What better way to feel like you’re vacationing in a charming village on the coast of Italy than by indulging in some wonderful, Mediterranean-inspired food? For ages peoples living in Greece, Italy, and the Middle East have enjoyed some of the best bounty the region has to offer, with diets primarily based on veggies, fruits, and other plant foods (like cereals, seeds, nuts and legumes). Eggs and dairy products are less common, and fish is preferred over red meats.
I know what it seems like—there’s always some crazy new diet that claims to be the next best thing to happen to the average diner. In a period where we increasingly depend on outside authorities to decide what we should put on our plates, how do we weed out the good advice? Is the “Med” diet just a fad, or is it actually worth something?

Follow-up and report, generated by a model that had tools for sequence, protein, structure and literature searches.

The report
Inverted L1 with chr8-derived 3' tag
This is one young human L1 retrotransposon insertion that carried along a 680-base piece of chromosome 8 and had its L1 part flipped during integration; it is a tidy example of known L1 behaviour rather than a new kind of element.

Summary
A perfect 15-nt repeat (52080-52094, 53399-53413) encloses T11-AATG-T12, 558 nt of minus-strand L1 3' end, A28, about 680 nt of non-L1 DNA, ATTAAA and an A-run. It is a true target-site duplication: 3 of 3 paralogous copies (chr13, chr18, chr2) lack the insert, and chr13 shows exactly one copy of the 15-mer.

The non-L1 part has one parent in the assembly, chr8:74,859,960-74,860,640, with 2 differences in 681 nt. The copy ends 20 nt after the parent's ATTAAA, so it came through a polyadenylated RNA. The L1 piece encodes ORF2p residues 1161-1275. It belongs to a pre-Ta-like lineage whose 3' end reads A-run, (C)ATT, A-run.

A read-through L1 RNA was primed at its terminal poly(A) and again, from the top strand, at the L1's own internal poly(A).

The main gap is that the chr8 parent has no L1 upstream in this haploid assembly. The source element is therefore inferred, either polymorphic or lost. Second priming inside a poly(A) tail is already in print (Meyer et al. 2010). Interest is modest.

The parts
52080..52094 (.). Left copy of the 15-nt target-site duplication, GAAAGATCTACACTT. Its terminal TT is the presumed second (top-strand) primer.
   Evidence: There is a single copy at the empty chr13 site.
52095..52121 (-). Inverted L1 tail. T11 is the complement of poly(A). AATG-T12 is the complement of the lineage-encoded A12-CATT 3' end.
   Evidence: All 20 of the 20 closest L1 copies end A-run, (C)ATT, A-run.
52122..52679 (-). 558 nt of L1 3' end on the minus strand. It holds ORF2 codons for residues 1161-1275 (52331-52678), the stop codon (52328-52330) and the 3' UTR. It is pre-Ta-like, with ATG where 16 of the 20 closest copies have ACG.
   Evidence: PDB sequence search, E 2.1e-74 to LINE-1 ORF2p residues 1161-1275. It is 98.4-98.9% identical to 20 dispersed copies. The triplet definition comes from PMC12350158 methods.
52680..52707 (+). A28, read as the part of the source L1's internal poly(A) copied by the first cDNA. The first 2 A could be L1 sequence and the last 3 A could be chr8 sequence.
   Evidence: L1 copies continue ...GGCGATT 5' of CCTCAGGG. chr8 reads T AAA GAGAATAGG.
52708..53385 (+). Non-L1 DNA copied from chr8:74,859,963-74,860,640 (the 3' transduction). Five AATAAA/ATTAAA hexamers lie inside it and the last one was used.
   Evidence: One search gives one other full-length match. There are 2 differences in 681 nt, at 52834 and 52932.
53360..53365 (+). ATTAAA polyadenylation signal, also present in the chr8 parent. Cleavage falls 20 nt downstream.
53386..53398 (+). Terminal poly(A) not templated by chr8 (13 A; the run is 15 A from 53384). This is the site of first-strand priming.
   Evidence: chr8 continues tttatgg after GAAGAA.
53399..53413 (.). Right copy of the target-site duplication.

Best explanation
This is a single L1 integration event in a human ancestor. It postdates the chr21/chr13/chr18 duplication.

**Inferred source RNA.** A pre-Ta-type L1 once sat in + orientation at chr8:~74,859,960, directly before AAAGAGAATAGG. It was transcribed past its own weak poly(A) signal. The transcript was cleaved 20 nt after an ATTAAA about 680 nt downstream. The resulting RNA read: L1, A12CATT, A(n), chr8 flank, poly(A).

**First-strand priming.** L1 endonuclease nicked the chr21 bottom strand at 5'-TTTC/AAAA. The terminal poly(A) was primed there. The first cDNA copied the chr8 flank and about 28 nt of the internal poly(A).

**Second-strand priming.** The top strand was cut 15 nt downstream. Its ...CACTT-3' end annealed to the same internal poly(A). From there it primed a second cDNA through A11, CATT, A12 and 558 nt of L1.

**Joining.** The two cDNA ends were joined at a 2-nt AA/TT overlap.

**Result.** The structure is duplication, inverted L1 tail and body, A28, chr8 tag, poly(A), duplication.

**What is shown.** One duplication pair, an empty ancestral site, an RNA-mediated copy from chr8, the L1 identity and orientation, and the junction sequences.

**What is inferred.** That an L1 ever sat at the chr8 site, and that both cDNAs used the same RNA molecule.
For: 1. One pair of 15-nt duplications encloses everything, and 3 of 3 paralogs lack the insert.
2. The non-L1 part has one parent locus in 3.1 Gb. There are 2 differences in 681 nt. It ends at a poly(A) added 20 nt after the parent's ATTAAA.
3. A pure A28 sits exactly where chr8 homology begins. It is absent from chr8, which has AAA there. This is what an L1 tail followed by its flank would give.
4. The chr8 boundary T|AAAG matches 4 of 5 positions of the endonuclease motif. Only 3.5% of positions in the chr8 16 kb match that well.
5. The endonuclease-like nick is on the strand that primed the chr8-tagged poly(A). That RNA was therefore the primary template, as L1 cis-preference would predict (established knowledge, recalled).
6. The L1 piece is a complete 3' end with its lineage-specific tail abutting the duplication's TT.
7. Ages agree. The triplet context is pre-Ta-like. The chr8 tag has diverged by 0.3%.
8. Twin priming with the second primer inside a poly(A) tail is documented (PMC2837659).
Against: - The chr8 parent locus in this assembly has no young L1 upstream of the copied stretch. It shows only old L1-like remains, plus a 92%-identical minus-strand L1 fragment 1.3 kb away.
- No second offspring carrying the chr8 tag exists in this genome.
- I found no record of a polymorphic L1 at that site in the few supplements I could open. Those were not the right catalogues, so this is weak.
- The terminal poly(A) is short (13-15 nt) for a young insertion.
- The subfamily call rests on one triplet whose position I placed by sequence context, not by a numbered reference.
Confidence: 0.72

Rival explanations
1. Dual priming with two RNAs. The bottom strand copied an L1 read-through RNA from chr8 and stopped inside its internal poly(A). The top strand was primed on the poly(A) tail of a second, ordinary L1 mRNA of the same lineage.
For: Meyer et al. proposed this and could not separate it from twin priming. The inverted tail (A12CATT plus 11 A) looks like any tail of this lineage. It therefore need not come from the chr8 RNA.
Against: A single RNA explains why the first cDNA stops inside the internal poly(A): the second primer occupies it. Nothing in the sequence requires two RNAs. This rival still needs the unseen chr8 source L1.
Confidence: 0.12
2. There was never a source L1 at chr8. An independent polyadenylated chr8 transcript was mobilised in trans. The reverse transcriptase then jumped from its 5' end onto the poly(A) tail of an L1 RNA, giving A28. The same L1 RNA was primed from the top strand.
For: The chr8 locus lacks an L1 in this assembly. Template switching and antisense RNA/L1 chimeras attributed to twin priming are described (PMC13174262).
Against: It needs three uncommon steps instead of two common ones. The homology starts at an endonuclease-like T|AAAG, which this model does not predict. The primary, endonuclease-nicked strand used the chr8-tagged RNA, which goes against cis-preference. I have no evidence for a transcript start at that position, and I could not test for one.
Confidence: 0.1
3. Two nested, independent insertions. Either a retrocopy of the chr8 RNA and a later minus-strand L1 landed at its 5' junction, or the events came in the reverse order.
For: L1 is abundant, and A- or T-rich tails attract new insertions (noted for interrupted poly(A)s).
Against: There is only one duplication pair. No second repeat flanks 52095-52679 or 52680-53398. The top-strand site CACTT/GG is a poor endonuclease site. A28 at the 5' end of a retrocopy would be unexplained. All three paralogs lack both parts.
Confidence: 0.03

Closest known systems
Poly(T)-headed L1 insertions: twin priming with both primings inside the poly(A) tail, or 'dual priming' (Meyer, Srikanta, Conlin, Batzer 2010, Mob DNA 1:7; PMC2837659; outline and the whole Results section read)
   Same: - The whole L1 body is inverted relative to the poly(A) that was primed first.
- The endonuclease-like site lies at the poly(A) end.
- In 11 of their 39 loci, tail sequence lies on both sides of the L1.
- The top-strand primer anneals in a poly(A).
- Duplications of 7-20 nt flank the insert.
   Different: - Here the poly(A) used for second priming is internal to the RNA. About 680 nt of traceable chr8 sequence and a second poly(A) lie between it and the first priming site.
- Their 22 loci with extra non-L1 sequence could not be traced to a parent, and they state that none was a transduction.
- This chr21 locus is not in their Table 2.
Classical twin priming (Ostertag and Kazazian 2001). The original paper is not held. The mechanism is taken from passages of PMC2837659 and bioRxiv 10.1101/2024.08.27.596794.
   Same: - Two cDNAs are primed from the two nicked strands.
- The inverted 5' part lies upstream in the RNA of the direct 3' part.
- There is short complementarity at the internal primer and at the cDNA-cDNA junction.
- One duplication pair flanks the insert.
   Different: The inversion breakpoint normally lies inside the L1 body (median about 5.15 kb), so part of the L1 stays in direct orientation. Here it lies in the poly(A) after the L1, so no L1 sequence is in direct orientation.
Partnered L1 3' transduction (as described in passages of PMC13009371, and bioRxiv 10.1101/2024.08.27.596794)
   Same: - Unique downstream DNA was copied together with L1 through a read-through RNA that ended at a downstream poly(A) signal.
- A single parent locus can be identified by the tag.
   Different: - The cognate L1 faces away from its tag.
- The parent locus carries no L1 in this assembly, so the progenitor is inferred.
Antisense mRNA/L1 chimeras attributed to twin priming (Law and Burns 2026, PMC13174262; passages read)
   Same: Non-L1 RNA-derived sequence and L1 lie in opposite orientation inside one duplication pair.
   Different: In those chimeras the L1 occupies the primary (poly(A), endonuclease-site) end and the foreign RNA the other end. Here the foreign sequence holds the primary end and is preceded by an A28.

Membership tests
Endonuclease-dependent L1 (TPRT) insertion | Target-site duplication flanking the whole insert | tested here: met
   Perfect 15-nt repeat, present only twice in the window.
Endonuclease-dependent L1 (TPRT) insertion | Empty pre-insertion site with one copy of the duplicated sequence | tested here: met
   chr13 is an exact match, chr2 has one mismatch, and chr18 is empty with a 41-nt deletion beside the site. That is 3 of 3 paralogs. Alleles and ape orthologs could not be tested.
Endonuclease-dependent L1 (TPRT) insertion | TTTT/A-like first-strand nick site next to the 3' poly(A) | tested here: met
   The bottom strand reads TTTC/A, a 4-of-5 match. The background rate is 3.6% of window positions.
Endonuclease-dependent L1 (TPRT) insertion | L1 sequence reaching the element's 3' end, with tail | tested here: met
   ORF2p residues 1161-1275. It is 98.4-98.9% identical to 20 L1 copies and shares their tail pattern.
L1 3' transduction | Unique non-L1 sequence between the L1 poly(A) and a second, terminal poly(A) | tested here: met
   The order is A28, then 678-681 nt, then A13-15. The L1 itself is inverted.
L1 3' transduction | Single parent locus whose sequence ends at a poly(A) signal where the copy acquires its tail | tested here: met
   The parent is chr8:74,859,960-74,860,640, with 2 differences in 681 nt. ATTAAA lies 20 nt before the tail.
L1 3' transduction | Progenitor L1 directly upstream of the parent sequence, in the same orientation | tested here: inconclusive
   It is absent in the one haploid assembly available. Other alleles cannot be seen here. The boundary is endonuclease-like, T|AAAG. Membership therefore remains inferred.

A ton of studies show that the MD, which is low in saturated and trans fats (the solid and artificial kinds that clog your arteries) and high in fiber and essential nutrients, reduces the risk of high blood pressure, stroke, heart attack, obesity and diabetes. Instead it promotes heart health, weight control, and might even be associated with cancer prevention.